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Philippines
Monday, March 4, 2024

Ending AIDS pandemic

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“There are now an estimated 164,400 people living with HIV in the country and 24,400 new infections are estimated to be added in 2022 alone”

The Philippines has a great opportunity to end the AIDS pandemic by 2030 — by letting communities lead.

Communities of people living with HIV or at risk of HIV, the drivers of progress in the AIDS response, connect people to public health services, build trust, innovate, monitor the implementation of policies and services, and hold service providers accountable.

The contribution of the community-led organizations has helped tackle other pandemics and health crises too, including COVID-19, Mpox and Ebola. Letting communities lead builds healthier and stronger societies.

AIDS is far from over.

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Last year, worldwide — 630,000 people died of AIDS-related illnesses, 1.3 million people were newly infected with HIV and 9.2 million people did not have access to life-saving HIV treatment.

There are now an estimated 164,400 people living with HIV in the country and 24,400 new infections were estimated added in 2022 alone.

The Philippines has fallen short of the 95-95-95 targets.

It has only diagnosed 63 percent of its diagnosis target, only 62 percent of its enrollment to treatment target and only 25 percent of the viral load suppression target.

Of the estimated number of infected with HIV, there are still 115,873 diagnosed and enrolled in life-saving treatment.

We have the tools to prevent new HIV infections and ensure all people living with HIV access treatment.

It is estimated the country can prevent 162,000 new infections and more than 8,000 AIDS-related deaths if the country ramps up interventions provided by community-led organizations.

The goal of making communities participate in 30 percent of testing services, 80 percent of prevention services and 60 percent of societal enablers will make this goal achievable.

During the COVID-19 pandemic, the role of community-led services was instrumental in continuing delivery of HIV services while government facilities were focused on COVID-19 response.

Community-led organizations like the Rajah Community Center in Iloilo City and the HIV and AIDS Support House (HASH) were able to continue providing HIV services to key populations.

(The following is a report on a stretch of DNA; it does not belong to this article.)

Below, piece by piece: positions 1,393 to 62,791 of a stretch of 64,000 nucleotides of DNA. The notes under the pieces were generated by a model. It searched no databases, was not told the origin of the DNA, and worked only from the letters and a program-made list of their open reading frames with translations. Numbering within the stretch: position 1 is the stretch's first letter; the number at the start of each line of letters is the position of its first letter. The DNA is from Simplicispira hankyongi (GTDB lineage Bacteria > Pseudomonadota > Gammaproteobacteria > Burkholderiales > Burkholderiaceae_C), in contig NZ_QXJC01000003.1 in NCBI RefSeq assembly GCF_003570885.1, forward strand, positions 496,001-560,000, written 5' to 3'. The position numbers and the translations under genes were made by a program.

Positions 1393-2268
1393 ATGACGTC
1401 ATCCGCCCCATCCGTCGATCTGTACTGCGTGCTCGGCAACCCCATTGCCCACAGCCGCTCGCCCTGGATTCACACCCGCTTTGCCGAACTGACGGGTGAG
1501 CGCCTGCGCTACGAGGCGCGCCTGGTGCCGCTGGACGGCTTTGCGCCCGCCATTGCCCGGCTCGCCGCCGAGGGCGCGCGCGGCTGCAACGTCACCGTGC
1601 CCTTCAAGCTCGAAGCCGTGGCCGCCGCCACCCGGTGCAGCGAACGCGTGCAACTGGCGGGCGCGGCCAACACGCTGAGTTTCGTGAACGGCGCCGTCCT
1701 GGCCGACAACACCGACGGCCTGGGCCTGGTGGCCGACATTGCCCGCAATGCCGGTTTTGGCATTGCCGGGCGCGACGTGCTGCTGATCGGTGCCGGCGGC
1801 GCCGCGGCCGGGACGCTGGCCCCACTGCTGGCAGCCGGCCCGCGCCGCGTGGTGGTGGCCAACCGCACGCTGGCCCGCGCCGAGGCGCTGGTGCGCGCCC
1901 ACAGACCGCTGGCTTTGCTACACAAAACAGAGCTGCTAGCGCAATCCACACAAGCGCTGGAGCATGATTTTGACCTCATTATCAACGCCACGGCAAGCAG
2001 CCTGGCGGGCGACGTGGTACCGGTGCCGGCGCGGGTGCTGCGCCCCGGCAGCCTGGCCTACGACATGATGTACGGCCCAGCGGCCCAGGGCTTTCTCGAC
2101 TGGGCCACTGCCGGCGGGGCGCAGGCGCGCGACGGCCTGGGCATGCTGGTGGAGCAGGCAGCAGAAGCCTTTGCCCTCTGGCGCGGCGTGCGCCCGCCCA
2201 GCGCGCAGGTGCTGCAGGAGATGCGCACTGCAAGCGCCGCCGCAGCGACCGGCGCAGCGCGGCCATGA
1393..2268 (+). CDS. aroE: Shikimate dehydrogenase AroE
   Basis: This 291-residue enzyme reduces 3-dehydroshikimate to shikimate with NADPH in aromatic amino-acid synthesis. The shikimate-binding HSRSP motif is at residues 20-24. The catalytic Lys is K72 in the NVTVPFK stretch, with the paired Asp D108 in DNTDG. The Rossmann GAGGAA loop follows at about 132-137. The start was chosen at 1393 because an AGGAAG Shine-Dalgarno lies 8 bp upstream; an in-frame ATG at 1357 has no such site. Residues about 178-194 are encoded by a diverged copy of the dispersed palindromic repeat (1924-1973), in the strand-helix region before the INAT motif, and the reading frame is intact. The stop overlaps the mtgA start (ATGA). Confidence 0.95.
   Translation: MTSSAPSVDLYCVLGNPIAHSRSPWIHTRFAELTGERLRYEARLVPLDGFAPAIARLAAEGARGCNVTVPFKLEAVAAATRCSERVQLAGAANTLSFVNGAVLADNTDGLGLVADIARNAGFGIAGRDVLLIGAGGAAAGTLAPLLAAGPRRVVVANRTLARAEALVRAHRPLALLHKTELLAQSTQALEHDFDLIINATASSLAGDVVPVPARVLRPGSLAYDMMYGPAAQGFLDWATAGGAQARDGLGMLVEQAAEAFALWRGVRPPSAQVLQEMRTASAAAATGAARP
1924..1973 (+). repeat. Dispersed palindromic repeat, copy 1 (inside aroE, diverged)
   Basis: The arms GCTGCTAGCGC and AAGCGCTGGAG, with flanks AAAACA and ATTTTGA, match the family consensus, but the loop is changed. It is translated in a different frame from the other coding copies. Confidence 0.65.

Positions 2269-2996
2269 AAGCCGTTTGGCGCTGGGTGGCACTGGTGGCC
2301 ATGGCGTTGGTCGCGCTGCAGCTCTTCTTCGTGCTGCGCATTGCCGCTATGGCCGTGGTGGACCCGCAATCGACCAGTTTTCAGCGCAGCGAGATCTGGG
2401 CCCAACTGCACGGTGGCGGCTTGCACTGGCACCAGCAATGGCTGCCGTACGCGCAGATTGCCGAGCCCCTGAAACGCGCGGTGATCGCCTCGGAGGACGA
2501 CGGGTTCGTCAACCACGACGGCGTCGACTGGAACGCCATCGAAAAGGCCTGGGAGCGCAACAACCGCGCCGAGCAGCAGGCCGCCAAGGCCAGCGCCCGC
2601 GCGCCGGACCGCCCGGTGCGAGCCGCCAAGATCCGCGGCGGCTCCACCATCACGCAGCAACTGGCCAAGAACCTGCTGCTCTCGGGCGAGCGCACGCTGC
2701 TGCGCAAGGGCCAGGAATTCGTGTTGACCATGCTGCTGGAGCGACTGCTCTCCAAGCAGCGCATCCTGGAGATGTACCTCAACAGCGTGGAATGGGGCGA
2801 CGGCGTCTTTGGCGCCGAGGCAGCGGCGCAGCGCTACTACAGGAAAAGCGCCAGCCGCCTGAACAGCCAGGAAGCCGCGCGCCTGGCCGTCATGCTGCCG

The use of telemedicine by these community-led facilities ensured that medical consultation for people living with HIV remains available even during the height of pandemic-related lockdowns.

But so many communities face barriers to their leadership.

Community-led responses are under-recognized, under-resourced and in some places even under attack. Globally, funding channeled through communities has fallen in the past 10 years from 31 percent in 2012 to 20 percent in 2021.

These funding shortages, policy and regulatory hurdles, capacity constraints, crackdowns on civil society and on the human rights of marginalized communities are obstructing the progress of HIV prevention, treatment, and care services.

It is in everyone’s interests to fully fund community-led organizations and remove the many obstacles they face.

It is by enabling communities in their leadership that the promise to end AIDS can be realized.

This is why communities are at the center of World AIDS Day commemorations this year, including in the new UNAIDS report “Let Communities Lead.”

This annual event serves as a reminder of the global struggle to end HIV-related stigma, an opportunity to honor those we have lost, and a rallying cry to commit to working toward a day when HIV is no longer a public health threat.

This World AIDS Day is a call to action to support communities and unleash their full potential.

The end of AIDS is within reach. We know how to get there: Let Communities Lead!

(The author, a doctor of medicine, is Country Director of the Joint United Nations Program on HIV and AIDS Philippines)

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